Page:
We use palo-alto firewall as an internet gateway. We have 16 static ip-addresses. One is used for outbound traffic (users browse internet) . The rest is used for inbound traffic (mail server, webservers, etc). For redundant purposes we subscribe to second ISP. We buy 16 new static ip-addresses from new ISP. And here comes the hell with configuration. I've been reading for two days about BGP, PI addresses, AS numbers and other stuff. But I don't understand anything. Theory without practice and overall understanding is nothing. I call to these ISP's, and both providers say they won't configure any routes and won't sell AS numbers, try solve it by your selves. In our small asian country there is no LISP or any other cloud base routing solution. I don't know what to do next. Should I request AS number directly from APNIC? With policy based rules I may only configure outbound traffic redundancy. Is there any reliable solution to make redundant our small hosting? May it is possible to configure BGP without AS numbers and PI addresses?
Even if you could still get PI IPv4 addresses in Asia: if your ISPs don't want to route your IP addresses then there is nothing you can do. Tunnels and LISP could solve some of your problems (I use LISP here), but you already stated that this is not available in your region.
BGP is the protocol that is used to route your IP addresses from an AS. You need both to run BGP. Blocks of 16 addresses are too small to be routed with BGP anyway. Technically you could, but nobody will accept your routes.
If you want to have your own IP addresses and route them etc. you'll have to make some investments. Because APNIC ran out of IPv4 addresses for normal distribution you'll have to comply with some very strict rules. If I recall correctly the current rules are that you have to be multihomed already, must be able to justify 25% of the addresses (which would be 25% of 256 = 64) immediately and 50% (=128) within a year. Based on your current numbers that seems unlikely. If you could then you'd need to get an AS number from APNIC and you'll have to find ISPs that want to set up BGP sessions with you. This will probably be more expensive than your current contracts. And on top of that you'd have to study a lot to learn how internet routing and BGP works or you'll have to hire someone else to manage it for you. In addition to buying the equipment needed to do all of this.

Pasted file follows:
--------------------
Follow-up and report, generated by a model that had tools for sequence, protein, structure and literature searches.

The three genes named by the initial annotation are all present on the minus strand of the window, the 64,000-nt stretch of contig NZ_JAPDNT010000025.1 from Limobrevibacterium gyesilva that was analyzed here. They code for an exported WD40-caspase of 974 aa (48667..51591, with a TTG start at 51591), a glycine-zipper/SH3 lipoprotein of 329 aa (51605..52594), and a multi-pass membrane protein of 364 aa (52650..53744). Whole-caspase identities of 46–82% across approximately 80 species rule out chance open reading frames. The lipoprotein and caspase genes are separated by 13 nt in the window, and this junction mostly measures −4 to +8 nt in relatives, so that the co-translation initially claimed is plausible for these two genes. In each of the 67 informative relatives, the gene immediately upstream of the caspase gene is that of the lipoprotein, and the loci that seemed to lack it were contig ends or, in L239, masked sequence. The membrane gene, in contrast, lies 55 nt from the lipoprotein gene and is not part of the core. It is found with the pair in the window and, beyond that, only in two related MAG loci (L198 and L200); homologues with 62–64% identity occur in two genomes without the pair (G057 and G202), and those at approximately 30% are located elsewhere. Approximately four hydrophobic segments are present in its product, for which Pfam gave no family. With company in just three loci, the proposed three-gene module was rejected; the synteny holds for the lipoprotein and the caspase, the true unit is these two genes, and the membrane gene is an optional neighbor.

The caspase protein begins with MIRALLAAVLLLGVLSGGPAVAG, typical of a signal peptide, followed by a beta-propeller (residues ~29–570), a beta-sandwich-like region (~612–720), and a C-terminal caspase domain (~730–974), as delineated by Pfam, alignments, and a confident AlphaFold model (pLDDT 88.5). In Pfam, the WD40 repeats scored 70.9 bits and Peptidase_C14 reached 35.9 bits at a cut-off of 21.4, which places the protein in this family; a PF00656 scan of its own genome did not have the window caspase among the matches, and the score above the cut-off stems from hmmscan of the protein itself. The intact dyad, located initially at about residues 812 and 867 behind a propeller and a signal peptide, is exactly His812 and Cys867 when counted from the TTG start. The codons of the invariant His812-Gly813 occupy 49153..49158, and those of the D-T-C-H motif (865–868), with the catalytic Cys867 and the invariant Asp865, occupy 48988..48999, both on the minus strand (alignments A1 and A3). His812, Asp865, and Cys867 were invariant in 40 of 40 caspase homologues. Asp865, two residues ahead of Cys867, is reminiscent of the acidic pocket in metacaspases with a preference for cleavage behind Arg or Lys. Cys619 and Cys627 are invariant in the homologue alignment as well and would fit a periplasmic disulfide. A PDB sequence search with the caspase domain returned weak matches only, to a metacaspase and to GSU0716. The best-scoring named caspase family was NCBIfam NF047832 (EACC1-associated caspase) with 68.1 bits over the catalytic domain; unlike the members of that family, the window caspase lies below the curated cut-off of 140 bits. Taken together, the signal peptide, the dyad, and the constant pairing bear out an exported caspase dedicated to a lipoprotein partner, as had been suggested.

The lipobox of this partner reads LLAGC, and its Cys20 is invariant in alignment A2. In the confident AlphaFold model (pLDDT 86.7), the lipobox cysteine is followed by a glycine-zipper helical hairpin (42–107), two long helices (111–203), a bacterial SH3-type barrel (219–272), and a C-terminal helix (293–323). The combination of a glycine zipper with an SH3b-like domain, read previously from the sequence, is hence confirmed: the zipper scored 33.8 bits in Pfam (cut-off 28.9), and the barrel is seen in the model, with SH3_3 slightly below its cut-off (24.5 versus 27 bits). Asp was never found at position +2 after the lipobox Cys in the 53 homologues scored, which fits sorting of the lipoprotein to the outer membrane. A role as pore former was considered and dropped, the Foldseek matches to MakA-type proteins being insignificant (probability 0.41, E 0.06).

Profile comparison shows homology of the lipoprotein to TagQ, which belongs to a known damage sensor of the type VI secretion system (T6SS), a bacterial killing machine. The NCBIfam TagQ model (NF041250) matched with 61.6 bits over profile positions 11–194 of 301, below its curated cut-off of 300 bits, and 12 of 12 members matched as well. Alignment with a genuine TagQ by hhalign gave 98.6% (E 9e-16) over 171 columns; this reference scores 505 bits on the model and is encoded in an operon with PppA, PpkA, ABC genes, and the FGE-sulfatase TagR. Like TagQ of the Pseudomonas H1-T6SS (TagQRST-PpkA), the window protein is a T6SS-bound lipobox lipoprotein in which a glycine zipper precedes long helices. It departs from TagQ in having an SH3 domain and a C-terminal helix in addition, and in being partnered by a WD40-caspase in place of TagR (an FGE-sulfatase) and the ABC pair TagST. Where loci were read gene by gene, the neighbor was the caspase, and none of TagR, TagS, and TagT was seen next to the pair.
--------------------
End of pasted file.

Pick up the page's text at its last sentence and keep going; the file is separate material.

In short: it's probably not worth it for your case.
You can configure a Palo Alto Networks firewall to fail over to the other ISP. You need to set up two sets of NATs -- one for one ISP and one for the other -- or set two DMZs, one for one ISP and one for the other (or overlay two subnets on one interface). It will use both for inbound and will fail over to the second for outbound when one fails.
You can start reading here.
There is some way to load balancing without AS and PI.
For outbound it achieved by policy routing
For failover inbound traffic, is good to use dynamic DNS. When primary ISP changed, DNS name (with short enough TTL) of site changed to new IP and clients keep access to site.
Setting DNS to two IP simultaneous can make round robin IP selection on clients.
Periodical changing (with period near to DNS record TTL) between two IP also can make balancing. Same effect is using DNS server that support giving different IP to different clients.